Study: New England offshore wind farm will slash regional electricity bills

According to the report, which was commissioned by the wind farm developer Cape Wind, the 420 MW Cape Wind offshore wind farm, if built, would reduce wholesale electricity prices by US$7.2 billion over a 25 year span.

The study said that the reductions will occur because the grid operator, ISO New England prioritises electricity produced from low-cost generating fuel, so the offshore wind farm would displace high-cost fossil fuels and bring prices down.

"This report makes it clear that Cape Wind will save electric consumers billions of dollars through price suppression while also creating jobs and helping promote cleaner air and greater energy independence," said Mark Rodgers, communications director at Cape Wind.

The report updates and increases the price suppression estimate given in a previous analysis, published in 2011, which estimated savings of $4 billion over a 25 year period. The developers of Cape Wind said the increased price suppression in the update was primarily down to an increase in power plant retirements and a larger price difference between natural gas and fuel oil.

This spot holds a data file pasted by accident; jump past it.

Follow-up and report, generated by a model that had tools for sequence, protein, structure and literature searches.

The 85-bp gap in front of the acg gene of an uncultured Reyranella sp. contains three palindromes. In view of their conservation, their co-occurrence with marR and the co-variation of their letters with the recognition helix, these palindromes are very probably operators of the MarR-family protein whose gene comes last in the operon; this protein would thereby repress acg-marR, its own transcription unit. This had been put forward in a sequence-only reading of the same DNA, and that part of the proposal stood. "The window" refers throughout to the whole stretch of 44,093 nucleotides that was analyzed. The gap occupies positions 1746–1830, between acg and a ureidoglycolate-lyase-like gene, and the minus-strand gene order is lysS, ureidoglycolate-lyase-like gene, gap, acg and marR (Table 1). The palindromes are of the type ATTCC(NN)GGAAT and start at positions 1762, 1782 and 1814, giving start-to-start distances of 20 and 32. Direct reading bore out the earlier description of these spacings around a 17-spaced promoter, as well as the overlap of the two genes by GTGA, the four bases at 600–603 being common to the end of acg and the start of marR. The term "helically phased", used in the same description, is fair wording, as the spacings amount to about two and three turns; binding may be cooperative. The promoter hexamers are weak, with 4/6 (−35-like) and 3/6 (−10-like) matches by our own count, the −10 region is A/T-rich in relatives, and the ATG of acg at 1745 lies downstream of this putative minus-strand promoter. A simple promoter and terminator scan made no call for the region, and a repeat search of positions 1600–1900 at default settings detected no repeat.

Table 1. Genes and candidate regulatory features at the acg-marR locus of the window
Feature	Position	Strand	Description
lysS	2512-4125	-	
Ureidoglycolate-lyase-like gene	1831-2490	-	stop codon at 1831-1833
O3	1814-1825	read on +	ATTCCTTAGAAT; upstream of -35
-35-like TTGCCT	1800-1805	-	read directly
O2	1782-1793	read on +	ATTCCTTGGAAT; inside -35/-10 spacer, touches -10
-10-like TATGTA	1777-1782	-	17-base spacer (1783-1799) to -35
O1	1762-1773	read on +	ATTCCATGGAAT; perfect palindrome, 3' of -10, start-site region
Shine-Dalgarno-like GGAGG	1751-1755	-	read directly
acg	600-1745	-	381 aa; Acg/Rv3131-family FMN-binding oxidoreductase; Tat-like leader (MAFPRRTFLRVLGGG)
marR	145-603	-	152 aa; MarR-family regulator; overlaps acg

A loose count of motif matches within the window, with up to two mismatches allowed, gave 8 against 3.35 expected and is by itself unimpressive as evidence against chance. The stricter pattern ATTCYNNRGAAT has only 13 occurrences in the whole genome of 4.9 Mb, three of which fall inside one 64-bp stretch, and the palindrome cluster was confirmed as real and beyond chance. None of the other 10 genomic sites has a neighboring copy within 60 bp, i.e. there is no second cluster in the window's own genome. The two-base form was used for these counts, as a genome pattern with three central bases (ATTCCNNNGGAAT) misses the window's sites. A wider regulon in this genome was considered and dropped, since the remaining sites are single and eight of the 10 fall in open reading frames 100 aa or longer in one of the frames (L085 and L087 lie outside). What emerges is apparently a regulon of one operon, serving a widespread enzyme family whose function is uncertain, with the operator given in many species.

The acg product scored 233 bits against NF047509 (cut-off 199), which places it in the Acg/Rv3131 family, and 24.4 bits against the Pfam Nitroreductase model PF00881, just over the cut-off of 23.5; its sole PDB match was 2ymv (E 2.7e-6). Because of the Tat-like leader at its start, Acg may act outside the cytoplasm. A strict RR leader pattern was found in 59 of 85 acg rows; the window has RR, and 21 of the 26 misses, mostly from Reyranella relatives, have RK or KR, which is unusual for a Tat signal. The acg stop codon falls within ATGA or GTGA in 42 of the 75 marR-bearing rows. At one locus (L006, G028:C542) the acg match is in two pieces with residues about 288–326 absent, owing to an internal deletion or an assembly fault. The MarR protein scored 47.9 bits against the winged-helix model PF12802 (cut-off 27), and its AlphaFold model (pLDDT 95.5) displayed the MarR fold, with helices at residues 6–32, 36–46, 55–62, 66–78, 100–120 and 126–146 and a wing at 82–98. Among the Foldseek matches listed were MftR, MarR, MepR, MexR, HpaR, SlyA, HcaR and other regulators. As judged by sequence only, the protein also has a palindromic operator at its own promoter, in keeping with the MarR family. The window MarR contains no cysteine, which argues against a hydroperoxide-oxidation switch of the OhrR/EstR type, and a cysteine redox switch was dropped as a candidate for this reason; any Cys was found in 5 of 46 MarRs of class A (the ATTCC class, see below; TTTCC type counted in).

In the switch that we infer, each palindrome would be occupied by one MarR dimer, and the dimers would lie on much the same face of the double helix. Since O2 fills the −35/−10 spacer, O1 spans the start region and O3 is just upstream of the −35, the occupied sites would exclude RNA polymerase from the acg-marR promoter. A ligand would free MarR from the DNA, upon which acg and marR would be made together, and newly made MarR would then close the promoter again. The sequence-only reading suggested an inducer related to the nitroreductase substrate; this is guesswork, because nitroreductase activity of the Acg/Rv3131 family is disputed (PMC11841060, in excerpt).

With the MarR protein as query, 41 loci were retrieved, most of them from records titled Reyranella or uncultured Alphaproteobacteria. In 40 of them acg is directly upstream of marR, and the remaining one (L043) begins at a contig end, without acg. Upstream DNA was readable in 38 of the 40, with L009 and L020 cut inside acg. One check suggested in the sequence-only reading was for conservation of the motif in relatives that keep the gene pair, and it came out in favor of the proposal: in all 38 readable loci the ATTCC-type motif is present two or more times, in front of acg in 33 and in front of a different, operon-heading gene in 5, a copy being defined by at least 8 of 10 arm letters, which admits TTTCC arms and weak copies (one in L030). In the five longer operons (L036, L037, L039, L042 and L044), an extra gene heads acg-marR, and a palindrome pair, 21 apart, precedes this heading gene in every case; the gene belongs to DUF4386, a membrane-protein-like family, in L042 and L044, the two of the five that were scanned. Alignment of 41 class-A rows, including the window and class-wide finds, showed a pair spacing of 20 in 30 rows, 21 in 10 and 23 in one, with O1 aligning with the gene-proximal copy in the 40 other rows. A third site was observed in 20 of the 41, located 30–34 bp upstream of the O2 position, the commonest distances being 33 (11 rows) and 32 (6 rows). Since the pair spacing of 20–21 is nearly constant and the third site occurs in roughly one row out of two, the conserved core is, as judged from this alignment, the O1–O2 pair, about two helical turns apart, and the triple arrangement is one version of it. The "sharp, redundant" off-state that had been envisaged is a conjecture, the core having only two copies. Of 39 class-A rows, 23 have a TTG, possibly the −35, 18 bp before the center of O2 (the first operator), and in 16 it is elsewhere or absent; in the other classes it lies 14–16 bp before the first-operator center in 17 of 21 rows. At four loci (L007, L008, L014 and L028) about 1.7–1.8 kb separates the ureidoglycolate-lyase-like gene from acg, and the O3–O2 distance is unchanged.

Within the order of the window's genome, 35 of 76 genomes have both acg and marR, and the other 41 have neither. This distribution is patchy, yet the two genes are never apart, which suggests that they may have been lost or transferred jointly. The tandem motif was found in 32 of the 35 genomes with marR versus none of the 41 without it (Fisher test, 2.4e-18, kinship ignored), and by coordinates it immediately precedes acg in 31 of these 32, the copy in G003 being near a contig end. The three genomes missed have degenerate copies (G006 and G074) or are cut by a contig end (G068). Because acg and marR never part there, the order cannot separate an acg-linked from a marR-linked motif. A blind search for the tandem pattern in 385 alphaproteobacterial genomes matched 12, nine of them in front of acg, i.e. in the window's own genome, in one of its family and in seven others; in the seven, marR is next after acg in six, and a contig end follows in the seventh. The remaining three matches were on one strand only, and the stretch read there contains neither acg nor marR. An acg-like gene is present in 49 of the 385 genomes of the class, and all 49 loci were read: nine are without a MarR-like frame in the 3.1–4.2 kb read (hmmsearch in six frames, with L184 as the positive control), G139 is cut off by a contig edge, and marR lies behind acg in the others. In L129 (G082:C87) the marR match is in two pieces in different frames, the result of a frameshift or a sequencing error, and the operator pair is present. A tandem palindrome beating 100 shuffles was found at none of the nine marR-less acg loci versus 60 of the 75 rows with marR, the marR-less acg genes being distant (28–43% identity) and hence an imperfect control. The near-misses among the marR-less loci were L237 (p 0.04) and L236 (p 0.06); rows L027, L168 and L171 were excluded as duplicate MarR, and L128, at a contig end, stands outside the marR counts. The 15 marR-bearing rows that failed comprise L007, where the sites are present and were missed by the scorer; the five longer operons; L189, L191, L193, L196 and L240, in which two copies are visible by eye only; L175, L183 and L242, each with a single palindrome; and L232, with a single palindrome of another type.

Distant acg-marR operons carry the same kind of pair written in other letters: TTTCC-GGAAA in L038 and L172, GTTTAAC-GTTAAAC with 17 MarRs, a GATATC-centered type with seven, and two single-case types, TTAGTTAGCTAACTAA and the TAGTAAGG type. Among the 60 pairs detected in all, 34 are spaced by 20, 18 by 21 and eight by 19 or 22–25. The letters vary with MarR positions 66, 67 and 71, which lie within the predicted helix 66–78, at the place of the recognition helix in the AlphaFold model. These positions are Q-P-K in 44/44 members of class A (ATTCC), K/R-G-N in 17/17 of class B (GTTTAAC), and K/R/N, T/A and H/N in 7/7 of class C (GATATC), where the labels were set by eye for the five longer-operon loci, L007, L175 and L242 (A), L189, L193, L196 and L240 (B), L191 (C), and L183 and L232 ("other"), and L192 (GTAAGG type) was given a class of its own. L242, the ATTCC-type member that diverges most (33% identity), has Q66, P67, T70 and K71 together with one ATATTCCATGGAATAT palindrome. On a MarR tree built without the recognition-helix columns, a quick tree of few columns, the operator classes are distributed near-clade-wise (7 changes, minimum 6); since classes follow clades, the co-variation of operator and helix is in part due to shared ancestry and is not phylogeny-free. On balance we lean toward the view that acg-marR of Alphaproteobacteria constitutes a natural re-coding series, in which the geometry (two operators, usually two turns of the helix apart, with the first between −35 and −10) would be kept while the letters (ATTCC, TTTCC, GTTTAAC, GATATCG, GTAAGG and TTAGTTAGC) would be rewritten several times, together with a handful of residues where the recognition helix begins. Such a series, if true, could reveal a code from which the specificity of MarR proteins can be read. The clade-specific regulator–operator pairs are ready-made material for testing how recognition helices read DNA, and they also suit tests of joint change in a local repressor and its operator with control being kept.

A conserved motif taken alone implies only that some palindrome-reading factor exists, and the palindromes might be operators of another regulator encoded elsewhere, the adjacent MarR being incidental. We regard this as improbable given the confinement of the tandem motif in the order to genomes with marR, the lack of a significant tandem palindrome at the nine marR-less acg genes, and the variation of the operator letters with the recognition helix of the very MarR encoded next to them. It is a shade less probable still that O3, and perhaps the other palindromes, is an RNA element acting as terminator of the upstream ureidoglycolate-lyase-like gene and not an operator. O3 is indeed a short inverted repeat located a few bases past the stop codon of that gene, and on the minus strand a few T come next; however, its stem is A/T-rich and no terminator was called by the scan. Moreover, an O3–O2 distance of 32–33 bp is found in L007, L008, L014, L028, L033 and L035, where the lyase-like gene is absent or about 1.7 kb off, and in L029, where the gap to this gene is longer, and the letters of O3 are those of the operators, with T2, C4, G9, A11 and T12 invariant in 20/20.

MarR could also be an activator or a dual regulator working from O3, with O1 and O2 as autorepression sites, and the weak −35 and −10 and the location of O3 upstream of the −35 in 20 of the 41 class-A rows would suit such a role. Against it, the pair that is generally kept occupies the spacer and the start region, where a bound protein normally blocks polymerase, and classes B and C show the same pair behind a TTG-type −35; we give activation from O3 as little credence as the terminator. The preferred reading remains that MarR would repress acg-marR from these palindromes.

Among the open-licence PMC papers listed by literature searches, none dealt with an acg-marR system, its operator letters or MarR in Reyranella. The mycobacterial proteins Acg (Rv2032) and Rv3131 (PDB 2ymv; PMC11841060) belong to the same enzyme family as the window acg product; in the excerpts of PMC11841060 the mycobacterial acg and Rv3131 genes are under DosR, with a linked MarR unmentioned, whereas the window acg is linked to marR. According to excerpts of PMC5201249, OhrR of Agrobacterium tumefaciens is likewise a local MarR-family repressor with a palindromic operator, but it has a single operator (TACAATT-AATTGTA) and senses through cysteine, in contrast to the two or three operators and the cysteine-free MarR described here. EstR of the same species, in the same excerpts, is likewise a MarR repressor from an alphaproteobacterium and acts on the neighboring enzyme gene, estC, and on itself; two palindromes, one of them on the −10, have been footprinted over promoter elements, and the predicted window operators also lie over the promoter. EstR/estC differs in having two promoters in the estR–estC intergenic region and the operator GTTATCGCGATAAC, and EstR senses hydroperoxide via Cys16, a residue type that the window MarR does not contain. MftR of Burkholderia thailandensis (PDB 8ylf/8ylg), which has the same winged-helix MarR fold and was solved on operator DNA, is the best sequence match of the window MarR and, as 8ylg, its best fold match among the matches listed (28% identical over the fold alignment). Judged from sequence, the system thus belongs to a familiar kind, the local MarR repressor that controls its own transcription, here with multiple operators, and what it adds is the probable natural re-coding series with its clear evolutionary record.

The report, Update to the Analysis of the Impact of Cape Wind on Lowering New England Energy Prices, was produced by Charles River Associates for Cape Wind.

Developed by Massachusetts-based Energy Management Inc (EMI), the 420 MW Cape Wind project is aiming to be the first offshore wind project to reach completion in the U.S. It is expected to comprise 130, 3.6MW turbines in the Horseshoe Shoal in Nantucket Sound. EMI claims that the project can meet three quarters of the electricity needs of Cape Cod and the surrounding islands.

The project has completed local and federal permitting, and expects construction to take two years once underway.